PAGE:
Well, maybe you can mess with Texas. Scandal-plagued former House Minority Leader Tom DeLay, whose career in Congress imploded after he was indicted for scheming to warp homestate political maps and campaigns, won a clear victory in his Republican primary Tuesday night.
DeLay took 62 percent of the vote to 30 percent for his most credible challenger, Tom Campbell, a lawyer who served as general counsel for the National Oceanic and Atmospheric Administration during the George H.W. Bush administration. Lawyer Mike Fjetland, a frequent candidate, took 5 percent, while Pat Baig, a retired credit manager, got 3 percent.
Those numbers look good on paper for DeLay. But, on the ground in Texas, the refrain is: "Tom's in trouble."
What's wrong with 62 percent? That's the smallest share of the Republican primary vote DeLay has secured in any of his re-election campaigns.
GOP strategists know that, when a still-powerful player in the majority party in the House, who has 100 percent name recognition, a huge campaign bankroll and across-the-board support from party leaders can't even get two-thirds of the vote in a Republican primary, he's standing on shaky ground.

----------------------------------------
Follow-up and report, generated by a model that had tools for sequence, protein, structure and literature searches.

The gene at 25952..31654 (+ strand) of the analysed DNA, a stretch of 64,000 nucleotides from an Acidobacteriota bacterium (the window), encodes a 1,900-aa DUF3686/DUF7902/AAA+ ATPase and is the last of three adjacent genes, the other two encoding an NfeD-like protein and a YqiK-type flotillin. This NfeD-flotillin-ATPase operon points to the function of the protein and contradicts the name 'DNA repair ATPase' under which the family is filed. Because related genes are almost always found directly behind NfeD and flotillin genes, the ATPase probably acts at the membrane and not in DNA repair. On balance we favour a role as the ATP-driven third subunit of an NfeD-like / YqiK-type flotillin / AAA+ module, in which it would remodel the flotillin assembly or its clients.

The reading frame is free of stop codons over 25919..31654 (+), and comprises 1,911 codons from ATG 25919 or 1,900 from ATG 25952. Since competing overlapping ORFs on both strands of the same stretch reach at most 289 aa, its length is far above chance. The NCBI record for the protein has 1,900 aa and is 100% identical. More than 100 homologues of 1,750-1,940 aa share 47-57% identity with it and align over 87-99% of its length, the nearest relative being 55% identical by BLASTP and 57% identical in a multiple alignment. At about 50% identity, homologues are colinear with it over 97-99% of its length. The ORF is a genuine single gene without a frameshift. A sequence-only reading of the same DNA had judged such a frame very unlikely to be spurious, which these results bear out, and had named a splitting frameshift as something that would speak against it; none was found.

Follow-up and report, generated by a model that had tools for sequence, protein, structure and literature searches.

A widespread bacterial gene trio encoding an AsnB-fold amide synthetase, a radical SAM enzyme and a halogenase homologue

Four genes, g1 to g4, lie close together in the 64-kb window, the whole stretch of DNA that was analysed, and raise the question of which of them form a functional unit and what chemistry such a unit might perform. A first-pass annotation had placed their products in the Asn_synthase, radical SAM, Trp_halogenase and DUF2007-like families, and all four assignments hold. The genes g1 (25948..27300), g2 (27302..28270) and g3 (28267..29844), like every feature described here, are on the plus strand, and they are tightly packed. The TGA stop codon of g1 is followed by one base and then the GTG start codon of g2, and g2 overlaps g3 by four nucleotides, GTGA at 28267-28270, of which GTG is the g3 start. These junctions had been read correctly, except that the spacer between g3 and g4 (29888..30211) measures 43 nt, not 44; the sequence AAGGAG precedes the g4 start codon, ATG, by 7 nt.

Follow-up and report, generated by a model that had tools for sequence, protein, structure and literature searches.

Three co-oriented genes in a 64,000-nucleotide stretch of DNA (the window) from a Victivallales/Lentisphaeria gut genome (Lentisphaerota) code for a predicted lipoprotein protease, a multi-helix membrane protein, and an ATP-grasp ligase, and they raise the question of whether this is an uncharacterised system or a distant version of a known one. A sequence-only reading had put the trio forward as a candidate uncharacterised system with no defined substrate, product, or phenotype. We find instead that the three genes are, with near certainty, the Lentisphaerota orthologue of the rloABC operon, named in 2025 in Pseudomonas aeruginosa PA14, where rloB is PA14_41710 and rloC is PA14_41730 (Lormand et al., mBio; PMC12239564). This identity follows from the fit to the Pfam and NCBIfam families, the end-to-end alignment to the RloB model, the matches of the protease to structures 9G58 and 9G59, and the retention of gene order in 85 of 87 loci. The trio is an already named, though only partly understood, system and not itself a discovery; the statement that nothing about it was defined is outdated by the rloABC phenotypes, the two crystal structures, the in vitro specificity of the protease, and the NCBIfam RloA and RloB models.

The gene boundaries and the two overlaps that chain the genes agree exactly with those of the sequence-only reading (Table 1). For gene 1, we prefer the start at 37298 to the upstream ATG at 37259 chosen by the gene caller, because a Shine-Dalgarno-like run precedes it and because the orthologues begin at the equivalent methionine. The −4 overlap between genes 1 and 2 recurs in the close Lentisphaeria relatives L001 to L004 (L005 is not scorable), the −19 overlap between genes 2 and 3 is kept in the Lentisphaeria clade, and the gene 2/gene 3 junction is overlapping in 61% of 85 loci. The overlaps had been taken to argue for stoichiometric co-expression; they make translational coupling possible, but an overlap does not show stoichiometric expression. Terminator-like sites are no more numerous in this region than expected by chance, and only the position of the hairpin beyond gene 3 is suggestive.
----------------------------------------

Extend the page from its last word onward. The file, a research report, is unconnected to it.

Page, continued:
And this particular incumbent was already looking vulnerable going into the fall contest.
In November, 2004, before he was indicted and before the name of his friend Jack Abramoff became the new shorthand for corruption in the Capitol, DeLay was reelection against a weak Democratic challenger with a mere 55 percent of the vote.
That was far short of the 64 percent of the vote given by DeLay's 22nd District to President Bush in 2004.
In this November's contests against an aggressive and reasonably well-funded Democrat, former U.S. Representative Nick Lampson, DeLay cannot afford to lose 38 percent of Republicans, as he did in Tuesday's primary.
Indeed, any significant slippage from his Republican base will spell big trouble for the incumbent.
So, while DeLay cleared the Republican primary hurdle, Texas might still mess him in November.